Silver As Currency

- March 13th, 2012

The use of anything other than our current money may seem far-fetched, but alternative currencies are increasingly becoming a legislative issue.

Silver As Currency

By Michelle Smith – Exclusive to Silver Investing News

It’s not only individuals that are seeking safe havens. Increasingly, legislators are showing interest in providing their constituents with safe alternatives to paper money. Over a dozen US states have expressed interest in considering or issuing an alternative currency, and one has already taken a step in that direction with gold and silver coins.

On March 25, 2011, Utah’s Governor Gary Herbert signed House Bill 317, approving gold and silver coins issued by the federal government as legal tender. Recognizing gold and silver as legal tender eliminated certain state tax liabilities such as tax on profits on coins when were viewed mostly as assets.

Last month, legislators in the state of Wyoming voted down House Bill 85, referred to as the Doomsday Bill. The legislation called for a study into the measures the state government would need to take in order to continue operating in the event of a disruption of federal operations. One issue considered under the bill is the “potential effects of the rapid decline of the United States dollar and the ability to quickly provide an alternative currency.”

Though the Doomsday Bill was voted down, it is an indication that the threat of failing currency is a concern within society.

The consideration of alternative currencies by state governments is a subject not without debate.
Eric Freedman, professor at Hofstra University’s law school believes an “economic catastrophe” could result from having competing currencies in the US which “would be the destruction of the country,” Freedman said. It is believed that US states would face major constitutional challenges if they attempted to develop alternative currencies.

Furthermore, offering a currency alternative is perhaps a task that is not best undertaken by lower governments, according to Hugo Salinas Price, President of Mexican Civic Association Pro Silver.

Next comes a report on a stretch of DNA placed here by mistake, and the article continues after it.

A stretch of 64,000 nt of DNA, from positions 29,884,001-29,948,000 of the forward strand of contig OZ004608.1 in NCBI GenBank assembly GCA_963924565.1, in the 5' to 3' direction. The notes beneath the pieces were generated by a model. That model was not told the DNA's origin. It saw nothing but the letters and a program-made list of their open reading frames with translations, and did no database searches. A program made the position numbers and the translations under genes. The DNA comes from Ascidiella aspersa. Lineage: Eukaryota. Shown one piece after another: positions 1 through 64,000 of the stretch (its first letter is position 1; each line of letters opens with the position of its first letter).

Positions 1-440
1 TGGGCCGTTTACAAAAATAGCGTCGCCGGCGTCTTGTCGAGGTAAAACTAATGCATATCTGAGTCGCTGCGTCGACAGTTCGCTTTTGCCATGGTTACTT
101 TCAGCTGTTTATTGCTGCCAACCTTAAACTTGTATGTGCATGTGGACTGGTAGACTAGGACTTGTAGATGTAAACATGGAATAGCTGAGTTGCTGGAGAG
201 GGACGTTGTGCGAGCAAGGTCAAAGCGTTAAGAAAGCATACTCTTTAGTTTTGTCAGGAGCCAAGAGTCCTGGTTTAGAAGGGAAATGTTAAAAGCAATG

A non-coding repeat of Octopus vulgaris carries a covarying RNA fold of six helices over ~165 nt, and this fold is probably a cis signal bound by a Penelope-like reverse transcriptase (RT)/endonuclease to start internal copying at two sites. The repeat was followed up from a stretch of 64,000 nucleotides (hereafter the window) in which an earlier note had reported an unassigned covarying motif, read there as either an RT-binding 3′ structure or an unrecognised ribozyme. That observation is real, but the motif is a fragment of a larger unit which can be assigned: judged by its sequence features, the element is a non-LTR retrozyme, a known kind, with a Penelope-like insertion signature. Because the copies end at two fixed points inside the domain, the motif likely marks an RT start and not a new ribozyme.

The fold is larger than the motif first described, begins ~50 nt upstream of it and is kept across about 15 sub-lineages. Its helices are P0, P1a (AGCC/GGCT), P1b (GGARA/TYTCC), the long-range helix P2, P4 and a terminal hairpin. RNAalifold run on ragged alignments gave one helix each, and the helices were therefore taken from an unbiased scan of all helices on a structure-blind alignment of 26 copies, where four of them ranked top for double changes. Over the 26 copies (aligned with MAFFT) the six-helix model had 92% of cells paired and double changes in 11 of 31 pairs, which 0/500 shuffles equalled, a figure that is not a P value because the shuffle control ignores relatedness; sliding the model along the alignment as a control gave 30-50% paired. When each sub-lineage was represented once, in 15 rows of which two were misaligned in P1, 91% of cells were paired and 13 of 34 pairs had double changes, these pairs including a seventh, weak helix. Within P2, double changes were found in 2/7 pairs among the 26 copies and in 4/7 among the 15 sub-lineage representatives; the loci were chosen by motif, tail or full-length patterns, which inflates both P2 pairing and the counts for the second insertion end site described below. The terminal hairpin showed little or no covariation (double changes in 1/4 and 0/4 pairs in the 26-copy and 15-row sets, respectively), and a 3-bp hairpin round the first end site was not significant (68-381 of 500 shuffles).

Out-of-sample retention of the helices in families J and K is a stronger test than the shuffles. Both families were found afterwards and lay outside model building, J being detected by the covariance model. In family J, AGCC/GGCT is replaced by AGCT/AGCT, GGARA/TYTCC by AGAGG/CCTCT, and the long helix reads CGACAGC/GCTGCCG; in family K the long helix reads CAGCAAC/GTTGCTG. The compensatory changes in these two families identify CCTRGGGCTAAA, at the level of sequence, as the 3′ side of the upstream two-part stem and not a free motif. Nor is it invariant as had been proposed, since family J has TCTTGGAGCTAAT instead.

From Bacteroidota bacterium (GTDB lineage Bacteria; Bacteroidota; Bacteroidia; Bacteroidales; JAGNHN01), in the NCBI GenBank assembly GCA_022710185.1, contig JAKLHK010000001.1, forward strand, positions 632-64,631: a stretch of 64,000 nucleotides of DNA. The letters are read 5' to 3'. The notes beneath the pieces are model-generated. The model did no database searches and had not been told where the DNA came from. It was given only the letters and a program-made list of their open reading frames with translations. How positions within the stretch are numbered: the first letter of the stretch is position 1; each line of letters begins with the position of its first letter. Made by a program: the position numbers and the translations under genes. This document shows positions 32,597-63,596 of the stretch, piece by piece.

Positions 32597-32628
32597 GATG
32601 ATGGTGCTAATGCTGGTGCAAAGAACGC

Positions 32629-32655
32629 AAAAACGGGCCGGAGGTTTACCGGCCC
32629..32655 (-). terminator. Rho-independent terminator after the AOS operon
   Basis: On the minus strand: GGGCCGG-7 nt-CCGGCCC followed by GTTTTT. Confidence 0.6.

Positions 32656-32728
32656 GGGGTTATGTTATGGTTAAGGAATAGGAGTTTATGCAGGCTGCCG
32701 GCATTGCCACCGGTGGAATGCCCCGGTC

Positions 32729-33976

In a presentation for the Cheviot Sound Money Conference in London, Salinas Price said the Treasury is the entity that “could and should” monetize the silver ounce for the UK, suggesting that implementing the use of the metal as a currency should be a federal undertaking.

Silver as currency in Mexico

According to Salinas Price, the only country contemplating reforming its currency on a national level is Mexico. A Congressional bill to monetize the Libertad silver ounce is currently under review with the aims to include the silver as legal tender operating in parallel to the current monetary system.

Salinas Price has presented the case for silver currency in the UK and says he has also tried to encourage it in the US. In Mexico, the silver currency bill has a notable amount of political support and Salinas Price believes that there is a good chance the bill will be signed into law.

If Mexico passes this bill, he believes other Latin American countries will follow the example soon after.

Recognizing monetary value

While commending the law in Utah as a praiseworthy effort, Salinas Price argues that it falls short because simply making gold and silver coins legal tender does not give them a stable value that will be recognized by everybody.

One of the potentially major obstacles facing the use of silver as currency is implementing a system to produce and establish value for the metal. Salinas Price’s presentation outlines a process that he says can work in any country that mints its own silver ounce (or silver coin of smaller weight), and presents no risk to the issuer.

Silver coins for circulation will be minted with no engraved monetary value in order to keep in line with rising silver prices. The coins’ value would be set by the Treasury, who would quote a monetary value that would include the value of the silver in the coin, the cost of minting it, and seigniorage for the mint.

Similar to regular currency and bank notes, silver coins in circulation will not be subject to depreciation, even if silver prices fall. Otherwise, according to the UK presentation, they will act as a commodity and not as a currency.

Impact of silver currency

Whether or not alternative currencies become a widespread phenomenon remains to be seen, but there is definitely a growing desire for real, globally recognized money.

Silver as part of a monetary system could be a viable option for storing one’s wealth as many investors already consider silver a safe haven. If it was used as currency, its ability to be used in commerce and the ease with which it can be liquidated for cash would likely encourage its use.

For mining companies, silver for use in circulated coins would create another source of demand for the white metal. Under the silver currency model that Salinas Price outlined, governments would buy silver directly from miners and repay them in minted silver coins. In nations that implement such a system, silver mining opportunities could become more attractive, especially if there was minimal or no silver mining at the time.

With a limited silver supply, and high demand for industrial purposes, the added demand for silver could cause prices to escalate more rapidly than seen in the past; a winning situation for miners and investors.

For physical silver investors, the use of the metal as currency would likely make it more expensive to buy into the market. However, under Salinas Price’s model, however, there would be no risk, as the investment couldn’t be subject to losses. Even under a different system, demand should help to support prices and boost profits.

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